Vol 3 Section 1071

1904                                                                           1007

Georgie Fyfe wrote from Castello, Mexico a letter of condolence to Sam. “Your two daughters must be a great comfort to you, but I hardly met them when in Vienna, and I can only remember you two, & how very kind she was to me” [MTP].

June 27 MondayThe Clemens party left for Naples, where they would sail the next day for America. The voyage would take fourteen days [June 26 to Langdon]. The NB entry shows the party stayed at the Hotel du Vesuvie.

Sam’s notebook: “Came down to Naples. Hotel du Vesuvie. Good. / [Horiz. Line separator] / The green tin box (1870?) Then the two black tin boxes (1896). All 3 now succeeded by the plain tin box (June 1904) After a little, who will care for these so hallowed treasures? /How all values have shrunken!” [NB 47 TS 14]. Note: the three years being the wedding year, Susy’s death, and last Livy’s death. Each tin box likely held Livy’s keepsakes.

June 28 TuesdaySam later wrote of the mix-up of this morning:

In Naples at 10 a.m. sailing-day I sent my courier to the local agent to inquire if all was right. He was told the casket was on board. The ship was to sail at 4. I arrived on board about 3, & was astounded to learn there were no certificates [for the casket], & that if I could not produce them the casket must be put ashore, because without them it would not be allowed to land in America.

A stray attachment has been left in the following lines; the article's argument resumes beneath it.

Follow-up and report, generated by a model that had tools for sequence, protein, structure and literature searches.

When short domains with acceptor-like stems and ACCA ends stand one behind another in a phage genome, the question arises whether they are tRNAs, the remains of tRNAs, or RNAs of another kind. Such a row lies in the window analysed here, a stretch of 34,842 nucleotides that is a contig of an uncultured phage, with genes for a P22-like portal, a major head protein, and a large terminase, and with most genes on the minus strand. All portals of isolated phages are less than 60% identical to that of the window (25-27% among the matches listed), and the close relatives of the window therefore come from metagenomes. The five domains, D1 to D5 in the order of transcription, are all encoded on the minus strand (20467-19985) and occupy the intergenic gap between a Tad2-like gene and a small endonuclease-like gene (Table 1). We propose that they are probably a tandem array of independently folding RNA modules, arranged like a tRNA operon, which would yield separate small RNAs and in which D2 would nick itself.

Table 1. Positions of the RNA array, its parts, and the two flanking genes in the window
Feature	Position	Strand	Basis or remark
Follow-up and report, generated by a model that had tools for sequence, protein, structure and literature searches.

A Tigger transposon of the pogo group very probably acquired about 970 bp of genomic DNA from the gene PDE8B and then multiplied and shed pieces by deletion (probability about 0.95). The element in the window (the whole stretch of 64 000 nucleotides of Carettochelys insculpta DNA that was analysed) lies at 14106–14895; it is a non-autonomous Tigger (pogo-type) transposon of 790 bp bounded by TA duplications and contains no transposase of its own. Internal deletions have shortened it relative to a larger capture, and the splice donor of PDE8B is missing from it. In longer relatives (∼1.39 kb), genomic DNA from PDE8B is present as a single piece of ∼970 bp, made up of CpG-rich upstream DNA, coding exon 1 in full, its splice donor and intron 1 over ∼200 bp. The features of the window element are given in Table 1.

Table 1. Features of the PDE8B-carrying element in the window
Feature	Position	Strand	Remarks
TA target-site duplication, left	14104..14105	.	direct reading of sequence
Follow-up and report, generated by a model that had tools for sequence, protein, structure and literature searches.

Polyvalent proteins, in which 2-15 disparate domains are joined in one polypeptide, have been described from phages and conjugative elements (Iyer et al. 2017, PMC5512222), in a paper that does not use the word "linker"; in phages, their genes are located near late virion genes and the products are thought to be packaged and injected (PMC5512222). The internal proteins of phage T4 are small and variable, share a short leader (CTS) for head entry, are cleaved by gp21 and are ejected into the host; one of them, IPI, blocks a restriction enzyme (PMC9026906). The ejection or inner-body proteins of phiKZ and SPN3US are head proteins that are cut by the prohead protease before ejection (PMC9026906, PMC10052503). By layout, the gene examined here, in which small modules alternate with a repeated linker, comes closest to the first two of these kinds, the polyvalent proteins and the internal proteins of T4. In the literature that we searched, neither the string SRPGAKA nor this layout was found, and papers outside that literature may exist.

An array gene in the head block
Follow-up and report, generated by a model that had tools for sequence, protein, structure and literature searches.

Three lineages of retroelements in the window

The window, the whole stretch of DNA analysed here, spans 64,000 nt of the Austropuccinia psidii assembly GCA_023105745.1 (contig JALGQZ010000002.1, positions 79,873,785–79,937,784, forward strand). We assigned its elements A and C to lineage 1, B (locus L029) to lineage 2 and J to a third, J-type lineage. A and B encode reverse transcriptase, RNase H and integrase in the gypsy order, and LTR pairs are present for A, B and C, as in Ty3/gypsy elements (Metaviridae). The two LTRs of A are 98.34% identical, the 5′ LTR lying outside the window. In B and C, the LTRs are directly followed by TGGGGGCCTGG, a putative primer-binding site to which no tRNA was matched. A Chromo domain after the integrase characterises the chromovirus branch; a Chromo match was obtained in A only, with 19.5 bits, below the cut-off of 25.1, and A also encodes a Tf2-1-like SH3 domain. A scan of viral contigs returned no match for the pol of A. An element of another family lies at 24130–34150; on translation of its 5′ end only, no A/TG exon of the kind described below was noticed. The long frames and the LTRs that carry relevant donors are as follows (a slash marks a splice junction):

The President & Government of the United States, in Cabinet assembled, had already given orders which would have protected me from this shame & from all difficulties & obstructions, but I did not know this, & there seemed to be no help for me. …But the captain was touched by my humiliating situation, & he ventured a large & grave risk in my behalf. He accepted a written declaration from me in place of the certificates. Then our Vice Consul was summoned & also took a risk for me. I furnished him a sworn statement, & he allowed the casket to remain [July 23 to Mason, 1st not sent].

In Naples, Italy Sam signed a sworn statement about Livy’s death to Homer M. Byington, US vice-consul, Naples. The body was “in a leaden case hermetically sealed—also in an oaken coffin” [MTP].

At 10 p.m. the Clemens party sailed from Naples for New York in the Prince Oscar ( Prinz Oskar) [NB 47 TS 14]. The ship would arrive in New York on July 12, a fourteen-day voyage. The New York Times reported on June 29, p.2, “Mark Twain Sails for New York,” that Sam left Naples with the casket on June 28.

Sam’s notebook: “No doctor’s certificate. / No consul’s [certificate] / These absolutely essential documents lacking, & no time to get them from Florence. / But I made a personal declaration & swore to it before the Vice Consul & satisfied the captain. / If I had been an unknown person, we should have been in awful circumstances” [NB 47 TS 14].

Sebastiano V. Cecchi wrote to Sam. “I have received your favor of yesterday [must have been a cable, not extant].” Sam wrote on the env. “Kirch won’t fight”; along side of the left margin he also wrote details of the doctor’s charges [MTP].

June 29 WednesdayThe Clemens party was en route in the Prince Oscar from Naples to New York.

Sam’s notebook: “Sailed last night at 10. The bugle-call to breakfast. I recognized the notes & was distressed. When I heard them last, Livy heard them with me; now they fall upon her ears unheeded. / This ship is the ‘Prince Oscar,’ Hamburg-American” [NB 47 TS 14].

Sam asked the ship’s surgeon for a tonic for Clara [NB 47 TS 15]. Note: Sam complained in his July 5 entry that the doctor then called daily to check on her.

SLC used mourning border for most letters from Susy’s death on, then from Livy’s death on.